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Abstract

  1. Top of page
  2. Abstract
  3. Introduction
  4. Patients and Methods
  5. Results
  6. Discussion
  7. Acknowledgments
  8. Conflict of Interest
  9. References

We investigated in vivo the allodynic response of the central μ-opioid system during spontaneous migraine headaches, following a sustained pain threshold challenge on the trigeminal ophthalmic region. Six migraineurs were scanned during the ictal and interictal phases using positron emission tomography (PET) with the selective μ-opioid receptor (μOR) radiotracer [11C]carfentanil. Females were scanned during the mid-late follicular phase of two separate cycles. Patients showed ictal trigeminal allodynia during the thermal challenge that was concurrent and positively correlated with μOR activation in the midbrain, extending from red nucleus to ventrolateral periaqueductal gray matter. These findings demonstrate for the first time in vivo the high μOR activation in the migraineurs' brains in response to their allodynic experience.


Introduction

  1. Top of page
  2. Abstract
  3. Introduction
  4. Patients and Methods
  5. Results
  6. Discussion
  7. Acknowledgments
  8. Conflict of Interest
  9. References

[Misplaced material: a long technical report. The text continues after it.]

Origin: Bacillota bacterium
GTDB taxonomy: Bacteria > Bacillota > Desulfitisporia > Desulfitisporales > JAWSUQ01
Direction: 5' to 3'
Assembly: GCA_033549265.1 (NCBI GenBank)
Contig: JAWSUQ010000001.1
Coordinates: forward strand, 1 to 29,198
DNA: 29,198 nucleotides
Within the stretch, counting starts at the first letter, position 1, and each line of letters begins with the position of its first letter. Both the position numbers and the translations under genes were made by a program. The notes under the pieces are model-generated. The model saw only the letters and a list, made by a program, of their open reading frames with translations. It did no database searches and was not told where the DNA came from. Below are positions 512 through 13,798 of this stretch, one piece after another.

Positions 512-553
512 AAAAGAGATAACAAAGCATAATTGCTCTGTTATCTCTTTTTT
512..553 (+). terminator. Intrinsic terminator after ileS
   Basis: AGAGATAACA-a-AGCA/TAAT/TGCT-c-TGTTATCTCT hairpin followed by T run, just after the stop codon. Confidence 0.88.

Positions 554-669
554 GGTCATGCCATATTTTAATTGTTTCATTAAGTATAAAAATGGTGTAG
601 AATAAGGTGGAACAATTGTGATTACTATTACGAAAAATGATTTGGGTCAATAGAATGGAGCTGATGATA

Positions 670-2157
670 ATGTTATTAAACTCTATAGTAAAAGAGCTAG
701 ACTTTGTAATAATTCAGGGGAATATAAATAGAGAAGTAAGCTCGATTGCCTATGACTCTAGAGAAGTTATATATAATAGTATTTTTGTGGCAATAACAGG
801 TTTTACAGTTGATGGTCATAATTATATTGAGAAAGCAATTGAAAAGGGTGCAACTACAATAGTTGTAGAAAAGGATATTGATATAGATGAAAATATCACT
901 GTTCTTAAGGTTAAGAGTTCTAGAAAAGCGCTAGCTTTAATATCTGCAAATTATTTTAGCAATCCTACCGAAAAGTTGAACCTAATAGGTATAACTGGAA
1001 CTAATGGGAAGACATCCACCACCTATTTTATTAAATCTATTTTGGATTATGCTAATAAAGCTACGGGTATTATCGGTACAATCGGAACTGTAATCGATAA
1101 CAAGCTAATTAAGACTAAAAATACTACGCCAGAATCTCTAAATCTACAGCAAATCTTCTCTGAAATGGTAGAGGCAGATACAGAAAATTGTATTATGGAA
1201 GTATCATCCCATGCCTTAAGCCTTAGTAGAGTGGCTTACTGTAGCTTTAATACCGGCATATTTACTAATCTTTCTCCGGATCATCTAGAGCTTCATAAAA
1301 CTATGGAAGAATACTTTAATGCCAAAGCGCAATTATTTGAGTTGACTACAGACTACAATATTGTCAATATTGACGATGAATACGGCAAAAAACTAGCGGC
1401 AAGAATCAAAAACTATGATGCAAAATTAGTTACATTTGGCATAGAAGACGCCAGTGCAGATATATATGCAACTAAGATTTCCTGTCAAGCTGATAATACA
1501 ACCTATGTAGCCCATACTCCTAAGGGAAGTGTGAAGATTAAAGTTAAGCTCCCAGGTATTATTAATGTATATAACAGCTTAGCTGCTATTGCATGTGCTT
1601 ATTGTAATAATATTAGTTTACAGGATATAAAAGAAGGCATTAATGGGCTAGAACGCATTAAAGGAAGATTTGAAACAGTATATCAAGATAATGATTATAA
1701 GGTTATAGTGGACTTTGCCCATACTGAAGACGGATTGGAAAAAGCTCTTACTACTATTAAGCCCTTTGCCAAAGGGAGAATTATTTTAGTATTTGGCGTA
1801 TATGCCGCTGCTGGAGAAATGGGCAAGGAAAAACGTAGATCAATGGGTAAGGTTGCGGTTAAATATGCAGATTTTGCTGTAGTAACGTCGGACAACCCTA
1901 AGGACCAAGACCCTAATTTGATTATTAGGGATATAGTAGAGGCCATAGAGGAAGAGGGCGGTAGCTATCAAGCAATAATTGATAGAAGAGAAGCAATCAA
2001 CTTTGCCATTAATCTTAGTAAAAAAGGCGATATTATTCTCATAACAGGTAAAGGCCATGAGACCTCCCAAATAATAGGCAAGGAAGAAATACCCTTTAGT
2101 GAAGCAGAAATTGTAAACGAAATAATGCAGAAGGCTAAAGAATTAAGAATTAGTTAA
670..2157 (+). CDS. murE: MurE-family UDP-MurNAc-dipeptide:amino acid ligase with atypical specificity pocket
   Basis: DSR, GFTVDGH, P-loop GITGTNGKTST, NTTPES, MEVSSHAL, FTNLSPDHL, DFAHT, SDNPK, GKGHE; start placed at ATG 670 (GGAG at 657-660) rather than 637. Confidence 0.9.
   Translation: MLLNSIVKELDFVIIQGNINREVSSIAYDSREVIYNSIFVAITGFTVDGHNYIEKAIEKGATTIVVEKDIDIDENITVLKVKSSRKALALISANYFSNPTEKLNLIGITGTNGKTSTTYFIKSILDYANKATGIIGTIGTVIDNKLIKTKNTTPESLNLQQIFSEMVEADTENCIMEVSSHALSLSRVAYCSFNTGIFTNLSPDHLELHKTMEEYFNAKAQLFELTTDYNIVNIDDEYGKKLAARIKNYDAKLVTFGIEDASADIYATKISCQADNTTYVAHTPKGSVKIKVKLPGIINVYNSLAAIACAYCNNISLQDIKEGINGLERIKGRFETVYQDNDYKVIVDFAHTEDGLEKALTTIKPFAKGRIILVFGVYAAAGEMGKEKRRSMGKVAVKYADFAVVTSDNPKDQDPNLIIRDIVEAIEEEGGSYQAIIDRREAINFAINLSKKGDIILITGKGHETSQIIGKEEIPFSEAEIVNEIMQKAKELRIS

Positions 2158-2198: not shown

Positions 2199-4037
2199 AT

The use of opioids in clinical practice is not without risk of undesired effects, especially in migraine patients where the recurrent nature of the attacks, and consequently the frequent use of rescue opioid intake, can severely increase the risk of chronification and even allodynia.[1] This augmented cutaneous sensitivity to stimuli that should not cause pain, already present in 65% of migraineurs, turns mundane activities such as washing the face with hot water and combing the hair into distressing tasks during the headache attacks.[2] Our group demonstrated in our previous study that there was an ineffective high release of endogenous μ-opioids at the cortical level to fight the ongoing migraine pain. More precisely, this was noted in the medial prefrontal cortex (mPFC), a cortical area that processes the spatio-temporal and cognitive-emotional inputs related to spontaneous chronic clinical pain.[3] However, information is still lacking regarding the involvement of the endogenous μ-opioid receptor (μOR) system in the allodynic response during migraine attack, which could provide a molecular explanation of why certain patients have increased cutaneous sensitivity. In order to address the technical requirements for molecular neuroimaging in humans we used a sustained thermal pain threshold (STPT) challenge developed in-house on the trigeminal ophthalmic region. Hence, we were able to examine for the first time in vivo, changes in μOR activity in the brains of migraine patients during the ictal allodynic experience.